Administrative Design Patterns

Having laid out the headache that administrators face, we should talk about where some of the nightmare is coming from. We have automation tools like Chef, Ansible, and Puppet, but no theory regarding their usage. Developers and architects have codified common solutions to common problems into design patterns. I haven’t really seen this applied to administration. This might be because of the technical limitations, but now that we have the tools I thought we should investigate the idea of defining Administrative Design Patterns. Especially since I’ve seen some administrative bad habits starting to creep into development.

So what is a Design Pattern? In software development and architecture, we often run into common problems, and over the years we’ve defined some common solutions. Let’s briefly examine the concept with an example. Event Driven would be such a design pattern. The problem is that applications or parts of an application do not know when work is ready for them. Let’s use a real-world scenario. Let’s say that you have an application that processes some data and writes the results to a database. Other applications need this data. How do they know when the data is ready? A crude solution would be to have those applications regularly check for updates. But this would mean that waiting applications would have to be idle while they regularly check. They would also have to regularly connect to the database, which would load the database. What if the downstream systems could be notified when their data is ready? This idea of notifying a system when an event, such as updating the database, has occurred is the foundation of the Event Driven design pattern. We call it a design pattern because it defines a solution abstracted away from how to implement it. A design pattern is a theory about how best to solve a problem. The job of developers and architects is to figure out to use software to make the theory an implementation.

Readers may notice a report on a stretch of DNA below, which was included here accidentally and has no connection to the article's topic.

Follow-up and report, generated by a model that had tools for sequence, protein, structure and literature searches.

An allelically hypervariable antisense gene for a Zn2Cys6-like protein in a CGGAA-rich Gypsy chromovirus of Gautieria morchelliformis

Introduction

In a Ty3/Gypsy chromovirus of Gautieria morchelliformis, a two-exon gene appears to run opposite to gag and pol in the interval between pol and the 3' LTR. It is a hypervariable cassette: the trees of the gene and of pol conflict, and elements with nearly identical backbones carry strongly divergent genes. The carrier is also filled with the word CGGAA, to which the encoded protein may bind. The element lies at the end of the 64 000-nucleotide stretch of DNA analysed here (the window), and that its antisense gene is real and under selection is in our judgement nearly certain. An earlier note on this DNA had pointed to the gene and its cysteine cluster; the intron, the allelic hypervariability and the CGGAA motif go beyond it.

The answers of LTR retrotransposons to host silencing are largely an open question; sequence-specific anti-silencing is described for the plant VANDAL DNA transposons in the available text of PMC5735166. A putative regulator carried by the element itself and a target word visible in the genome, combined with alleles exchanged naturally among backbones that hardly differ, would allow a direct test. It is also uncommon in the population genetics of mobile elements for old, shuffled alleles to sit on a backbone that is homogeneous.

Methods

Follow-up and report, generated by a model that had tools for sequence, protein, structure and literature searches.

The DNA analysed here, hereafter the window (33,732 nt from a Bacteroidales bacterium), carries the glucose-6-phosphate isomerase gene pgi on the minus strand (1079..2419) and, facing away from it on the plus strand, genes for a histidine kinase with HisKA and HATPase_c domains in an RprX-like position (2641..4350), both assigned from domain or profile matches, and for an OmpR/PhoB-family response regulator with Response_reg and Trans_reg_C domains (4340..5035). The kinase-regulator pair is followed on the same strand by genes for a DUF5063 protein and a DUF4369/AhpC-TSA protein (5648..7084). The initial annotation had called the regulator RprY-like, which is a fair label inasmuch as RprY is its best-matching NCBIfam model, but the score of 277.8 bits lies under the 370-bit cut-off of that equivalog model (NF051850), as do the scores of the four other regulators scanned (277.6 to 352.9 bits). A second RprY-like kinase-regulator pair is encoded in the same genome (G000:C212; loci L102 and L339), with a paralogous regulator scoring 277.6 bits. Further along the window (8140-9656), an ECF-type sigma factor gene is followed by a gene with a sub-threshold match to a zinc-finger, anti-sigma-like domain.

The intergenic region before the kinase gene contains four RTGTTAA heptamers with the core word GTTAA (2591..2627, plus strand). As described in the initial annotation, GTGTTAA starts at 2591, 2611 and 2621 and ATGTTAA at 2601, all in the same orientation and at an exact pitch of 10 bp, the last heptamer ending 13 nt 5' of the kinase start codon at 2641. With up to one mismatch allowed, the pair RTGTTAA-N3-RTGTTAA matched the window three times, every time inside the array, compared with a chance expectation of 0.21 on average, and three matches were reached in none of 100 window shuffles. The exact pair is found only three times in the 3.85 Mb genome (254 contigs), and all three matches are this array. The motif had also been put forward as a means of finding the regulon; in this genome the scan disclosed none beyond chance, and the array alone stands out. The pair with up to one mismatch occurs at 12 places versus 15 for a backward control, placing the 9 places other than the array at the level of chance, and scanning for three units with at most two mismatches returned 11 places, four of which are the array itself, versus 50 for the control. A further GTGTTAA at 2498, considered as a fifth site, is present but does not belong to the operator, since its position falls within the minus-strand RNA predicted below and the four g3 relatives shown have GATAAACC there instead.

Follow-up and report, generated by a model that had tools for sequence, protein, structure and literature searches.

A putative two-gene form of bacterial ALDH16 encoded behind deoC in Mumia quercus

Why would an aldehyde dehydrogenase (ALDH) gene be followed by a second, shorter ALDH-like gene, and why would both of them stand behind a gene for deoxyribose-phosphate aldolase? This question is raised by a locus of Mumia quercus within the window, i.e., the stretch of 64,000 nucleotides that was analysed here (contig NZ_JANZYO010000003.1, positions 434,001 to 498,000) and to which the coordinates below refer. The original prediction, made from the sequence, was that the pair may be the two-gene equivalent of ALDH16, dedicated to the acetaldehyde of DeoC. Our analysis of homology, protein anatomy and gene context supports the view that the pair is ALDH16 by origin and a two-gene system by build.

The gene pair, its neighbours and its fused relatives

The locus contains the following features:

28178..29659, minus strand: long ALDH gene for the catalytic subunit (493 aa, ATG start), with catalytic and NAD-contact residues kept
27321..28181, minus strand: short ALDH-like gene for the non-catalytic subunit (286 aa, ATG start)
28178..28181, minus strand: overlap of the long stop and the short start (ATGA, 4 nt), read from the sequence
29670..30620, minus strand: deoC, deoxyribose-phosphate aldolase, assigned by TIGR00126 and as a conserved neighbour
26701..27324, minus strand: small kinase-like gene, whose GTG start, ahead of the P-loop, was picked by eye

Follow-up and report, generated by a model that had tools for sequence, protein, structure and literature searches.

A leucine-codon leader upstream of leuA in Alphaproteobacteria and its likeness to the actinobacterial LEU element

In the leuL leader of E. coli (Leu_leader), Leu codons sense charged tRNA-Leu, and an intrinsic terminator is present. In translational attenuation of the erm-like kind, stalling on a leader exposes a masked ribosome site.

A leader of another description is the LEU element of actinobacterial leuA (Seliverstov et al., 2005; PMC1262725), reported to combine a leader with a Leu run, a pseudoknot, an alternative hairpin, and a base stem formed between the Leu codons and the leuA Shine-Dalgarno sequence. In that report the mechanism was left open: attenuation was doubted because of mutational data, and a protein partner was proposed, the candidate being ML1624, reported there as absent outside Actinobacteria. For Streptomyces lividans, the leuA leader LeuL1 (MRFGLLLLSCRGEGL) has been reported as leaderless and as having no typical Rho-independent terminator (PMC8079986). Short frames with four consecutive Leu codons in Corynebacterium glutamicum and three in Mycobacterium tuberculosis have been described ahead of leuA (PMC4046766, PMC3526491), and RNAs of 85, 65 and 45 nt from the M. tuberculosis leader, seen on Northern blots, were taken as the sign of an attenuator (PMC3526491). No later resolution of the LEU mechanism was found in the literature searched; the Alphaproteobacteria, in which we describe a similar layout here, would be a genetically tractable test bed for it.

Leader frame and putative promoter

But this is basic computer science. With the growing adaption of DevOps, administrators repeatedly find themselves solving the same general problems. Things like, how to deploy applications, how to configure them, monitor for failures, responding to faults, etc. We have some crude design patterns, like Disaster Recovery, but this isn’t a very well-explored area. In this series we’ll explore some proposed administrative design patterns.

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